More on Hiding Our Motives

Deception is a big part of being a human being. If we try, we can all think of times when we have been deceived. Someone led us to believe one thing, and then we found out that something different was really going on the whole time. If we are honest with ourselves, we can also see that we clearly try to deceive others all the time. We make ourselves seem like we are one thing, but in many ways, we are not exactly what we present ourselves as being. Sometimes we truly are genuine, but often, we are signaling a particular behavior or trait to a group so that we can be accepted, praised, and get some sort of future benefit. In order to do this really well, we create stories and ideas about why we do the things we do, deceiving even ourselves in the process. As Kevin Simler and Robin Hanson wright in their book The Elephant in the Brain, “We hide some of our motives…in order to mislead others.”

 

This is not a pretty idea of humans, and expressing this idea is an admittance that we sometimes are not as great as we like to make everyone believe. This is not an idea that is popular or that everyone will be quick to admit, but I believe that Simler and Hanson are right in saying that it is a huge driving influencer of the world around us. I also don’t think that accepting this about ourselves ends up leaving us in as sad, cynical, and dejected of a place as one might think. Humans and our social groups are complicated, and sometimes being a little deceptive, doing things with ulterior motives at their base, and behaving in a way to signal group alliance or value can be a net positive. We can recognize that we do these things, that we are deceptive, and that we deceive others by lying about our motives, and still make a good impact in the world. The altruist who donates money to the Against Malaria foundation may tell himself and everyone he knows that he donates because he wants to save people’s lives, but truly he just gets a warm glow within himself, and that is perfectly fine as long as the externality from his status seeking behavior is overwhelmingly positive (looking in the mirror on this one).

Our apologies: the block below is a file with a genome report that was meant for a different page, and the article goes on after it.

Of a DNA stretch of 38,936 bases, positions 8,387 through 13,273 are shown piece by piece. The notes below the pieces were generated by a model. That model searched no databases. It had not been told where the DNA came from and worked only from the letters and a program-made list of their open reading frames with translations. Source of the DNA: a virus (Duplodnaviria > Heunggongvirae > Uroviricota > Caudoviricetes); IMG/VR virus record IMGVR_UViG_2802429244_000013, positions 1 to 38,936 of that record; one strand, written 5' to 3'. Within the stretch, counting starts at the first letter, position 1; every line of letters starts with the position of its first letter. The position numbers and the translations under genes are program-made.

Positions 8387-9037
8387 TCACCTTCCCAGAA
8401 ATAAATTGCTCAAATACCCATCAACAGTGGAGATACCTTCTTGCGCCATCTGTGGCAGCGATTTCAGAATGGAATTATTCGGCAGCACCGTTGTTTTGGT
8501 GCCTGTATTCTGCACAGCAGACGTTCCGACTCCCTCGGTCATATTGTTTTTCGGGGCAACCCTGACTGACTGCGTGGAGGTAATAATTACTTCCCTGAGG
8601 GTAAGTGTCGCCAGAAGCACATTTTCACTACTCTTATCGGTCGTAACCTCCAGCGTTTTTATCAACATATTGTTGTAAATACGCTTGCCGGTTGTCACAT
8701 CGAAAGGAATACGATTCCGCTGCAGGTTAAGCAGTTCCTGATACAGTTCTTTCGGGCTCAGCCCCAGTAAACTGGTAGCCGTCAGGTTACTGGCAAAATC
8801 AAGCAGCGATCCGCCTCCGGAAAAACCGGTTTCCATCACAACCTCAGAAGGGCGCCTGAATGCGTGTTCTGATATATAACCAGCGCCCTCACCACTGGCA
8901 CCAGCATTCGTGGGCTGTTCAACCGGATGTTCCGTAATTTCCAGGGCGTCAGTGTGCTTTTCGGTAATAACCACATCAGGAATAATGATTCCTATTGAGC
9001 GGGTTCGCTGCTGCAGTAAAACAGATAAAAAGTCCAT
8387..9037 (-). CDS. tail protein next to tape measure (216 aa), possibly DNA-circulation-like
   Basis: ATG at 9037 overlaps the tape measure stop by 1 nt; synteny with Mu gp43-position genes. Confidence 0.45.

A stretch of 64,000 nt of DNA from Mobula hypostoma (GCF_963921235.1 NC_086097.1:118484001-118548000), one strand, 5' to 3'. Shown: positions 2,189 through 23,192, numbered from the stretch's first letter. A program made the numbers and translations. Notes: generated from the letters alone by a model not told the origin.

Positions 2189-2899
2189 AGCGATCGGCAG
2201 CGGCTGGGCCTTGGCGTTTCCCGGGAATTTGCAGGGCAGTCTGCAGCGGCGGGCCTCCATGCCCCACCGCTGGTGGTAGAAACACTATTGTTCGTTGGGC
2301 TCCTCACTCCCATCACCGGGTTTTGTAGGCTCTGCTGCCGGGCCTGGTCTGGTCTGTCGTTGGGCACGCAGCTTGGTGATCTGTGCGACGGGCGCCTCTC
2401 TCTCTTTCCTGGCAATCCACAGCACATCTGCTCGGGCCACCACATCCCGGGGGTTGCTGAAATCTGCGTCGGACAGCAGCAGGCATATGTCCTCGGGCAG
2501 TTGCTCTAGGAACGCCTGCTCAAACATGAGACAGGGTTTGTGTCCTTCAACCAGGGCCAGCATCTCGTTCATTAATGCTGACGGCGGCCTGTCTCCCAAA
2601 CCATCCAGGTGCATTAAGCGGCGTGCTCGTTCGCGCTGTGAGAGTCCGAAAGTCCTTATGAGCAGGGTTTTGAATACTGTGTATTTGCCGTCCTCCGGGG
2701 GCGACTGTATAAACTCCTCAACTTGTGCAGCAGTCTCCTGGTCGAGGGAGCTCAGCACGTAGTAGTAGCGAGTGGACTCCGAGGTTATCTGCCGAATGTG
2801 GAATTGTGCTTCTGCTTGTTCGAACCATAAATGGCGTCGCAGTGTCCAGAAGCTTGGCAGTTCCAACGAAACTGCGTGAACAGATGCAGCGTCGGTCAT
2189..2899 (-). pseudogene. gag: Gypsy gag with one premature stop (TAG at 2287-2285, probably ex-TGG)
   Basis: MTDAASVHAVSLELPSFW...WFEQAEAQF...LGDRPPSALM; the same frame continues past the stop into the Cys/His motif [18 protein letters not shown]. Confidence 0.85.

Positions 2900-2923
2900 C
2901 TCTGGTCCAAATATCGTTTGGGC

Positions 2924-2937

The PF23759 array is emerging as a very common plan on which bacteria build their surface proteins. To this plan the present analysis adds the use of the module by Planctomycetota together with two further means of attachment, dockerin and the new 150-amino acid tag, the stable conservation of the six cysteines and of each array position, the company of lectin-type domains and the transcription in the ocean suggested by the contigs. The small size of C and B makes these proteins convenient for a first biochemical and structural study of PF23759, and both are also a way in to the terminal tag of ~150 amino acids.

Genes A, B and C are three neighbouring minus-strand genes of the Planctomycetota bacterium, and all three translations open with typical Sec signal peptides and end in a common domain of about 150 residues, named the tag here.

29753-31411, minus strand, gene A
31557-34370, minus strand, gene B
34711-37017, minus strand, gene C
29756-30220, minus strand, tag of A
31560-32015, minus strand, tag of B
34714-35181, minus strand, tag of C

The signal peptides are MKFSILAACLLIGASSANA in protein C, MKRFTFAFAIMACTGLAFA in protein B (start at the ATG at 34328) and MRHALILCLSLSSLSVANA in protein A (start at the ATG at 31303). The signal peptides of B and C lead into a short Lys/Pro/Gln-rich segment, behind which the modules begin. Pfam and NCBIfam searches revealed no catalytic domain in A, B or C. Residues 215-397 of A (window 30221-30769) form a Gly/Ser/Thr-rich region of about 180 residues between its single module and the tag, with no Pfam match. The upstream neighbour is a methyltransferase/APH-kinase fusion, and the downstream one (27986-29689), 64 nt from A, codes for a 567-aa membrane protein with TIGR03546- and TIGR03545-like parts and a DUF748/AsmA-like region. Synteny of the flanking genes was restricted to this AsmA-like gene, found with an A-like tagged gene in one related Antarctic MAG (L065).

If we don’t accept this reality about ourselves and others then we will spend a lot of time trying to work on the wrong problem and a lot of time being confused as to why our mental models of the world don’t seem to work out. In my own life, recognizing status seeking behavior, self-deception, and motivated thinking helps me to be less judgmental toward other people. I recognize that I have the same capacity for these negative and deceptive behaviors within myself, and I choose (as much as I can) to redirect these types of behaviors in directions that have the greatest positive social impact rather than in the direction that has the greatest personal benefit for me and my feelings. Ultimately, I encourage us to be honest about the fact that we are sometimes rather dishonest and to build our awareness in a way that is easy on ourselves and others for behaving as humans naturally behave, but still nudges us in a direction where we create positive externalities where possible from these ways of being.